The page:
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Date:      Sun, 20 Sep 2020 23:26:55 +0530
From:      Manish Jain <bourne.identity@hotmail.com>
To:        Polytropon <freebsd@edvax.de>, FreeBSD Questions <freebsd-questions@freebsd.org>
Subject:   Re: Error message output
Message-ID:  <DB8PR06MB64420EDA7DE039284833F648F63D0@DB8PR06MB6442.eurprd06.prod.outlook.com>
In-Reply-To: <20200920191108.22864e5c.freebsd@edvax.de>
References:  <20200920191108.22864e5c.freebsd@edvax.de>

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On 2020-09-20 22:41, Polytropon wrote:
> I have a general question. Is it still considered useful to
> output error messages of a script to standard error?
> 
> Example:
> 
> 	if [ something not okay ]; then
> 		echo "the error message" > /dev/stderr
> 		exit 1
> 	fi
> 
> While progress messages will per default go to standard output,
> error messages should be printed to standard error. The reason:
> If a program is silenced to > /dev/null, error messages will
> still be visible (no "silent failing"); if a user wants to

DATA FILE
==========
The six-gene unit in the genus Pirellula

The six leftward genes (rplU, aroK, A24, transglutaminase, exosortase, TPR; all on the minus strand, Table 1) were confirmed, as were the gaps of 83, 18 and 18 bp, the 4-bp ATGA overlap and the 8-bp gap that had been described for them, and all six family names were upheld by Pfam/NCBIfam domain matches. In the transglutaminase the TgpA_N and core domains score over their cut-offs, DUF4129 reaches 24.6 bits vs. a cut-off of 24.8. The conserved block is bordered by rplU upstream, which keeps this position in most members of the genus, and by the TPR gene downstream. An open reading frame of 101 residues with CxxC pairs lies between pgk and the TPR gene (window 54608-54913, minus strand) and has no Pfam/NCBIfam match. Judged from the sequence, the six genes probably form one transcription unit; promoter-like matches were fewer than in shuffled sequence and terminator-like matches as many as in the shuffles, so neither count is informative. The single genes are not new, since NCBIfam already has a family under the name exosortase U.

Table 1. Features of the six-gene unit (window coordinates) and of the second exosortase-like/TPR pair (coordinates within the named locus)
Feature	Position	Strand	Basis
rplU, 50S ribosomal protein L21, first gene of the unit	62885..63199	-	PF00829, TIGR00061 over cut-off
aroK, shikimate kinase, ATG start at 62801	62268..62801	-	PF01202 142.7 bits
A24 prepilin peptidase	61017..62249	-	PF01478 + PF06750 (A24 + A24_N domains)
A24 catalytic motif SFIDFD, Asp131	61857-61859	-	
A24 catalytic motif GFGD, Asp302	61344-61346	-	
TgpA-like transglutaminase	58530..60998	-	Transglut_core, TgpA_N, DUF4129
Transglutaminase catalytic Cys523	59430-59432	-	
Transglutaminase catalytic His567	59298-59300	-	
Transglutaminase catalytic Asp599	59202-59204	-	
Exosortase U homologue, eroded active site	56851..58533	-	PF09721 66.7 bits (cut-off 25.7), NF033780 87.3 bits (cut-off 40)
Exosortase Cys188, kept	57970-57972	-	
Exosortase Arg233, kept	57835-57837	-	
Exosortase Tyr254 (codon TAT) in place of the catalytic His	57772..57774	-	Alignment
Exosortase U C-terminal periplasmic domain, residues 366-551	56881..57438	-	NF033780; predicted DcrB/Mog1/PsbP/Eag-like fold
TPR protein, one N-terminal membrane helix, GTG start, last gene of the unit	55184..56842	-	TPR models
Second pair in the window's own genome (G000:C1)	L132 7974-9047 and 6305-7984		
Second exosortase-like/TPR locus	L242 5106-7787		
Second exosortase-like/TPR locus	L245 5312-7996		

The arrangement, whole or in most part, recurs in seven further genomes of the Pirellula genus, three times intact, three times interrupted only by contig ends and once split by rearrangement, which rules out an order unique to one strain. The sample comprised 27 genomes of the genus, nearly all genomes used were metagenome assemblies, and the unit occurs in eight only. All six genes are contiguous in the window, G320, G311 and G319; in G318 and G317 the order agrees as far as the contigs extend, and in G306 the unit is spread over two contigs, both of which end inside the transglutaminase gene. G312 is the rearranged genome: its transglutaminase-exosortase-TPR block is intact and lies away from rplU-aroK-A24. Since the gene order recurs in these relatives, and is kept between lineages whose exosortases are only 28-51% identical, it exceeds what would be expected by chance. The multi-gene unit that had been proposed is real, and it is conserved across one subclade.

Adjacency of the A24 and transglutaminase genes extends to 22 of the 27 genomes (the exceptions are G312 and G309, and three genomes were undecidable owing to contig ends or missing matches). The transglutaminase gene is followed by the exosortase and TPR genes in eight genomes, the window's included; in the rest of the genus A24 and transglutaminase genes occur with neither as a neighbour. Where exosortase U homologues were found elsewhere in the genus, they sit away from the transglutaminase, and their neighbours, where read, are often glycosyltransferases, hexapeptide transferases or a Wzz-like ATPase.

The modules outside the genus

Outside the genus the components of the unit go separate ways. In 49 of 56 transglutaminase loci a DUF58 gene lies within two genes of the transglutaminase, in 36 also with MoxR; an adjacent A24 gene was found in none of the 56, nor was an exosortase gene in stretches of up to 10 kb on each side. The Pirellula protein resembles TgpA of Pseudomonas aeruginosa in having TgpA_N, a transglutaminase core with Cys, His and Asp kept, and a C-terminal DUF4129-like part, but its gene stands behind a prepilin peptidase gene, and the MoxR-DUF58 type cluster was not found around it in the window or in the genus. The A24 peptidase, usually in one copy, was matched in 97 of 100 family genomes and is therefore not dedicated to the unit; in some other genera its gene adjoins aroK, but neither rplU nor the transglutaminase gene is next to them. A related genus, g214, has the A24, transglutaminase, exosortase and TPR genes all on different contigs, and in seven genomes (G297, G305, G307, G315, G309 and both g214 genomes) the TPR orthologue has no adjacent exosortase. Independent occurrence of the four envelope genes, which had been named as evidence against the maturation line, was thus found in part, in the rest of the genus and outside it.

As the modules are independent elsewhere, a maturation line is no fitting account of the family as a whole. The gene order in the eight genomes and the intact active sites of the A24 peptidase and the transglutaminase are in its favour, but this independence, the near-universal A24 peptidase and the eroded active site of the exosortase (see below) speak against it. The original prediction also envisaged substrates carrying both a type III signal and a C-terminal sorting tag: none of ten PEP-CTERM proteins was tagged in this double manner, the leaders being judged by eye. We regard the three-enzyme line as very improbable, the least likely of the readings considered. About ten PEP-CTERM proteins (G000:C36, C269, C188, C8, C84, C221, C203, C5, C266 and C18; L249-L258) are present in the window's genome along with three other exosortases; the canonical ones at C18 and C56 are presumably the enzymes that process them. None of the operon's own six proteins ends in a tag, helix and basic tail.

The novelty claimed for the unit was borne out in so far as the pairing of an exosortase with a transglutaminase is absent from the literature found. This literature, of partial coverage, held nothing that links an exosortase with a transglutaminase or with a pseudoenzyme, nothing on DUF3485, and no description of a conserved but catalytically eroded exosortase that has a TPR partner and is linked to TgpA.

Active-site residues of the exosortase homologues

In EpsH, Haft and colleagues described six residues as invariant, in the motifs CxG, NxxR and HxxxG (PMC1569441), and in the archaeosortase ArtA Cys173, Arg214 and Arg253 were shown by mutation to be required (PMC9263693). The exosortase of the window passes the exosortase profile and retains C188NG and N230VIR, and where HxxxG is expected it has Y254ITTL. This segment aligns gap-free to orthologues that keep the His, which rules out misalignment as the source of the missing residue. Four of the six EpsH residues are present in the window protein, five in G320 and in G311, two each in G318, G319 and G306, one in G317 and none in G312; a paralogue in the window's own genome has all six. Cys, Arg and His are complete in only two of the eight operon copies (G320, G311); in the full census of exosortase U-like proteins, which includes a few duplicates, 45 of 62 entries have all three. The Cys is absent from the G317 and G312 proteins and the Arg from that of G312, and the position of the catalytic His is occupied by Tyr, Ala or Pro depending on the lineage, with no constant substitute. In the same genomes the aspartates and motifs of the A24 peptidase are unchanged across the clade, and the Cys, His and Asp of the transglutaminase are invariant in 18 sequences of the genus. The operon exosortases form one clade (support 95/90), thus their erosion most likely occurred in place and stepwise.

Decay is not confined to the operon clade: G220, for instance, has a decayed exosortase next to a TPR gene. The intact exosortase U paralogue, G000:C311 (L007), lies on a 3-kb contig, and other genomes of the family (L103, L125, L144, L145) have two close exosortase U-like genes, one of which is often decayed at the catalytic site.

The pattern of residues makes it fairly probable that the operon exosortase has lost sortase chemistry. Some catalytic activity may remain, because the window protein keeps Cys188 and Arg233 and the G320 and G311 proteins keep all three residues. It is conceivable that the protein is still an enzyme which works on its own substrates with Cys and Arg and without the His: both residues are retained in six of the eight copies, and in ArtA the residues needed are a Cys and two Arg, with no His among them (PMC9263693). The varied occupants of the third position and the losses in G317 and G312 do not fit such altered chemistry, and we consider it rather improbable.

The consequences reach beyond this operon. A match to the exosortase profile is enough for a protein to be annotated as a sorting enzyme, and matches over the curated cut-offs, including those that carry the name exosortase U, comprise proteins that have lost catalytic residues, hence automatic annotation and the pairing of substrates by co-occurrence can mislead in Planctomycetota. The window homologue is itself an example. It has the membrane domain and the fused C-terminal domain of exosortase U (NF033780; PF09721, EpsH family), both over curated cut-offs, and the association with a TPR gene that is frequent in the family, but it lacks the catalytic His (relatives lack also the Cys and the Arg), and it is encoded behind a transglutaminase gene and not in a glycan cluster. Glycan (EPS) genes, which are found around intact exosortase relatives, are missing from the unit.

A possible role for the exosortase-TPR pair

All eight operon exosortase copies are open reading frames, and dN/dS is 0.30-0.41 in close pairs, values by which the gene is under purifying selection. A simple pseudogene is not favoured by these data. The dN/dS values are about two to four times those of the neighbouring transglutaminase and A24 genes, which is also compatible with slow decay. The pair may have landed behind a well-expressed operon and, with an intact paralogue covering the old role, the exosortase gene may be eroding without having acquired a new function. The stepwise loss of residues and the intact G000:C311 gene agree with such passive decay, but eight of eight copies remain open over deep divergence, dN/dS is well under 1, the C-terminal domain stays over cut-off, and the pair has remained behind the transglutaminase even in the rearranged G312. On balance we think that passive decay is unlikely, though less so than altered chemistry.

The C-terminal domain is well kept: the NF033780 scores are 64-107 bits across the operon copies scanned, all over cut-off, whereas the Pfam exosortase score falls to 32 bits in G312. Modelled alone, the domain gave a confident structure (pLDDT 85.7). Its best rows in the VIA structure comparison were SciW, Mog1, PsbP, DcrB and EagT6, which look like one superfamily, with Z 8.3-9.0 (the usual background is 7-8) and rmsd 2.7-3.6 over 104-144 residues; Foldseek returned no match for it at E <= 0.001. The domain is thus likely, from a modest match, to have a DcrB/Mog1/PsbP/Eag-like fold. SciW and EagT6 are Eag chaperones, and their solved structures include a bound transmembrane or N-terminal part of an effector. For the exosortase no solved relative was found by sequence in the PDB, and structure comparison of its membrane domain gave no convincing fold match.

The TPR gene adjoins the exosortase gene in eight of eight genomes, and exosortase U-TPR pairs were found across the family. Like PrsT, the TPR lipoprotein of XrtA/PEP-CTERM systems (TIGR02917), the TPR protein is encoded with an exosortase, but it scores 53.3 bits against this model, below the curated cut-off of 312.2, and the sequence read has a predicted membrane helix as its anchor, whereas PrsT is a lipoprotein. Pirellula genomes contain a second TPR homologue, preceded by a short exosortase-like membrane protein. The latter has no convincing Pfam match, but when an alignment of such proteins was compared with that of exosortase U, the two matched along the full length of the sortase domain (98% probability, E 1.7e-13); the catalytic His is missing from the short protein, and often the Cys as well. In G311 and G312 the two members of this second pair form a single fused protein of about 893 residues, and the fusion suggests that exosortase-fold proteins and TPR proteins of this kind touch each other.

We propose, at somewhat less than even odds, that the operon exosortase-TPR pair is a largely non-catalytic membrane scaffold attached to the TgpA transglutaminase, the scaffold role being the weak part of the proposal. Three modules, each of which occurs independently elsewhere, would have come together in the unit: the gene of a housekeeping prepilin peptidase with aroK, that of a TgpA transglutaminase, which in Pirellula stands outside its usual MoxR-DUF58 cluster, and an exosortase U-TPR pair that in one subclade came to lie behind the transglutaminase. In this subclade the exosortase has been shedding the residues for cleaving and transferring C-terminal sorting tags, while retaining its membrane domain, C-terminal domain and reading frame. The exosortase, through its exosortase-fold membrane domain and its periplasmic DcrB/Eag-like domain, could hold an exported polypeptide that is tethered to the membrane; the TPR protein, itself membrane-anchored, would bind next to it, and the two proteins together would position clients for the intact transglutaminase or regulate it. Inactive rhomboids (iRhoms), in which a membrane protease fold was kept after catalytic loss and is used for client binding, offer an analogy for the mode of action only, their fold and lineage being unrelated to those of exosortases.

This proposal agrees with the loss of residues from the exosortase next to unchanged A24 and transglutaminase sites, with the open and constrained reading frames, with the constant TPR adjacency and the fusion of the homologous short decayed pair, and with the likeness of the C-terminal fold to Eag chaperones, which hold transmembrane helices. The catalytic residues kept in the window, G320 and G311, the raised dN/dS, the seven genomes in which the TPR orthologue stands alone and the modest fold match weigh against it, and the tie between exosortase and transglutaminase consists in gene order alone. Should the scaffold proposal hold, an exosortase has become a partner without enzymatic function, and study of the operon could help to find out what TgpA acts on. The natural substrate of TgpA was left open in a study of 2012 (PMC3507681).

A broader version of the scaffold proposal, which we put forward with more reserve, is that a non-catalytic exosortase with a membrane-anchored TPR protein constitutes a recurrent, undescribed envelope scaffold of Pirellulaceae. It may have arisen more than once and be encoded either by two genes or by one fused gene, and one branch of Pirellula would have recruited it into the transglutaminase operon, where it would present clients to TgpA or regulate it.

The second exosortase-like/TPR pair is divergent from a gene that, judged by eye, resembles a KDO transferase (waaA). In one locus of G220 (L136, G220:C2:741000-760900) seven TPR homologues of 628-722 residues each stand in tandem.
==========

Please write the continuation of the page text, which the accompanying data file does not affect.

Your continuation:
> explicitely mute all messages, > /dev/null 2>&1 has to be
> specified for the redirection. The judgement if a message is
> a regular progress message, an information about some slightly
> problematic case, or a real fatal error depends on the programmer.
> For example:
> 
> 	echo "${FILE] processed, ${RECS} records counted."
> 	 -> standard output
> 
> 	echo "${DIR} already checked, skipping."
> 	 -> standard output (non-fatal error"
> 
> 	echo "${DEV} is read only, aborting."
> 	exit 1
> 	 -> standard error (fatal error)
> 
> 	echo "Cannot start: Input filename missing."
> 	usage()
> 	exit 1
> 	 -> standard error (fatal error)
> 
> At least that's what I've learned centuries ago.
> 
> Is that still valid?
> 
> 

Fully valid. Whenever I write any C code, those are the guidelines I 
adhere to myself.

Regards,
Manish Jain




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